This is the important distinction. Sin is a corruption in need of healing, not an act in need of retribution. Also of interest here is how Christ became a slave to subvert our slavery to sin. That element of Christ’s life is rarely highlighted, regardless of whether you find yourself in the Eastern of Western tradition of Christianity. Often, we focus so much on the death and resurrection of Christ that we fail to understand how important his life was for our slavation.
Everyone knows by experience how agonizing and painful slavery is, when someone is under the weighty yoke of another’s will, not able to do what he wants but only what he is told. In just such a painful and agonizing state of involuntary slavery is every person who is given over to sin and to various passions and vices.
This is a fantastic illustration because it highlights the frustration that everyone has felt at one point and connects it to what sin genuinely does to our soul. The frustration of being trapped under another’s will is exactly what sin is to us.
Every passion, every even seemingly insignificant sinful predilection results at times in unbearable inner torment, creating a true hell in one’s soul. The one given over to passions and vices begins to experience already here on earth the full force of the torments of hell that await the sinner in the afterlife.
This is something I have not heard prior to studying Orthodox theology—this concept that the foretaste of hell is experienced in our bondage to sin. The converse is also true:
On the other hand, a person not subject to any passions or vices, who is able to rein in his sinful urges, delights in a state of true inner freedom that produces peace and joy. His soul is filled with light and a blessed feeling of “sweet, heavenly peace” that is nothing other than a foretaste of that paradisiacal blessedness that awaits the righteous.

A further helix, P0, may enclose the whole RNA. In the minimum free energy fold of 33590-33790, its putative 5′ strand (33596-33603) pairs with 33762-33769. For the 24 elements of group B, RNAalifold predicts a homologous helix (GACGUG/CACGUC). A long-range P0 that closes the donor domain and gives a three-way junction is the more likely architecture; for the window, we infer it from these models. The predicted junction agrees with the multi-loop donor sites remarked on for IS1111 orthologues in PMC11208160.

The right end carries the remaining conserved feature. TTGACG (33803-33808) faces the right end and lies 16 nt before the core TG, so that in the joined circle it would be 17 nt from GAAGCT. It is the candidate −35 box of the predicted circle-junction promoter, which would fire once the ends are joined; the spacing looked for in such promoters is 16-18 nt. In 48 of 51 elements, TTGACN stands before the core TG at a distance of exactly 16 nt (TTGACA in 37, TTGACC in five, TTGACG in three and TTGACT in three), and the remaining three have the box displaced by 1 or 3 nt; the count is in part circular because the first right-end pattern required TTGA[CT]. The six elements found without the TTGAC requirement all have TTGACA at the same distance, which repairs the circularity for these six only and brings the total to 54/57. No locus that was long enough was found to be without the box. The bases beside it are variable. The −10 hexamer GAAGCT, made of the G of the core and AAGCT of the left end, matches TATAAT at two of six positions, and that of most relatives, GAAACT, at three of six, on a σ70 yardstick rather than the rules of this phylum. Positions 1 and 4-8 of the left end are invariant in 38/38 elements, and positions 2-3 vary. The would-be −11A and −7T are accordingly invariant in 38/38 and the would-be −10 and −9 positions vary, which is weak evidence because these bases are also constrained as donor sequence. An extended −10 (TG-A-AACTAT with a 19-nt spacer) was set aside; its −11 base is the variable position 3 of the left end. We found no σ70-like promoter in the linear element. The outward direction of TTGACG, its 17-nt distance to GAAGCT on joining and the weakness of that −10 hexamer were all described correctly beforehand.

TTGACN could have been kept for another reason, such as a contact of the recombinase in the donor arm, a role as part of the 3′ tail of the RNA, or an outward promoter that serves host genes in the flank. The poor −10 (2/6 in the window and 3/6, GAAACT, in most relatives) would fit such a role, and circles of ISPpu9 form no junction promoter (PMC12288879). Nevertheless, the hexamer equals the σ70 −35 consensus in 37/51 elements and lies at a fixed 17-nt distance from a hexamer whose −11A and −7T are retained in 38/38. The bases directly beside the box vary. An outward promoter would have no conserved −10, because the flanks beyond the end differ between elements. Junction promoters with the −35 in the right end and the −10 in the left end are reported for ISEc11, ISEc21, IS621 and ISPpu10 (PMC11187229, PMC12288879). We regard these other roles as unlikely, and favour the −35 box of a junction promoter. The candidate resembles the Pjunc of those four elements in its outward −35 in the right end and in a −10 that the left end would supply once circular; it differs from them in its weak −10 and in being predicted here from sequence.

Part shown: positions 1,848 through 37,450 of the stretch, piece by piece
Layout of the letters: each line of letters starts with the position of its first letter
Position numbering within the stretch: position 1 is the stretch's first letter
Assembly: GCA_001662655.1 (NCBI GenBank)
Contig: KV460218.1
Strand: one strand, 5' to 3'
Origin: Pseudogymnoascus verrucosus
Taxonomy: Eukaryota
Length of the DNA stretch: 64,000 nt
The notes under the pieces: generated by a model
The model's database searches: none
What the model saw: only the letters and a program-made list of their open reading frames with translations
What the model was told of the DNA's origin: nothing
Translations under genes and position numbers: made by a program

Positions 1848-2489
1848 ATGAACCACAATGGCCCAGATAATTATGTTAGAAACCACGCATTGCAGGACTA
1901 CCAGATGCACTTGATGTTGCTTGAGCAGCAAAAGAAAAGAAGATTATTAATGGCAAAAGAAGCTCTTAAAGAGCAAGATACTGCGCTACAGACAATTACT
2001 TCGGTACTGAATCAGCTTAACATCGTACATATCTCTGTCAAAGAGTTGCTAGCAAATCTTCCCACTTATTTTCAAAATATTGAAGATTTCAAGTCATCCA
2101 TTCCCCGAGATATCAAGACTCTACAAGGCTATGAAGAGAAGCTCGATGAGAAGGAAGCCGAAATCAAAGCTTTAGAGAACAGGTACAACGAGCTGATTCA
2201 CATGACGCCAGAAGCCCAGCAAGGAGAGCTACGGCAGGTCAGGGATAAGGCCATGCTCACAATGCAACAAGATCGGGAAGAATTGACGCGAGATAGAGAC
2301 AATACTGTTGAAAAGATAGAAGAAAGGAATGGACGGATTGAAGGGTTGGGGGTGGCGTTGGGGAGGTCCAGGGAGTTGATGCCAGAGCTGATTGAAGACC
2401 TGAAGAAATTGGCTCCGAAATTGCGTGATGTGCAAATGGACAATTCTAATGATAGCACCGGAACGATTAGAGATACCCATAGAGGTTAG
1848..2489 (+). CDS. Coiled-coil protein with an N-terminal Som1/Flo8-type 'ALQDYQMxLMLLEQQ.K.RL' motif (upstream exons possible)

We are told that we can experience a foretaste of the heavenly joys that await us in the same way we experience the full force of the torments of hell depending on our slavery to sin. What I find interesting here is the difference in these two experiences. On the one hand, Archbishop Averky is saying we can experience the full force of the torments of hell in this life, yet only a foretaste of the blessedness of paradise.
I find this difference somewhat curious. If we are truly to understand the havoc wreaked upon us in our slavery to sin as the full force of the torments of hell, it calls into question what the Orthodox doctrine of hell is in its entirety. Perhaps I’m just overthinking it.
all who continue to wallow in sin and who through their sins are languishing and suffering as slaves to the devil are deeply unhappy, for they cannot find moral satisfaction, which is the only thing that can give a man happiness in life. Thus, true freedom, which grants happiness, is freedom from sin. Is this how contemporary people understand freedom, and is this the freedom they seek? Unfortunately, no.
True happiness is the same as true freedom: freedom from sin. This is extremely contrary to what the modern world says about happiness, which frequently involves unfettered indulgence in sin:
Instead of freedom from sin, people began to strive for freedom to sin. True freedom, freedom of spirit, Christian freedom came to be considered “despotism,” “coercion,” the oppression of the Church, while the dissipation of one’s sinful will, which leads to enslavement of the spirit, was made life’s ideal.
Sad but true. This is the state of the modern world. Freedom to us means the capacity to sin brazenly and demand that others praise us for it.
Let us pray that we continually foster true freedom in our lives—the kind of freedom that leads to life and true happiness as we draw closer to God and cast of the chains that keep us bound in slavery to our own sins.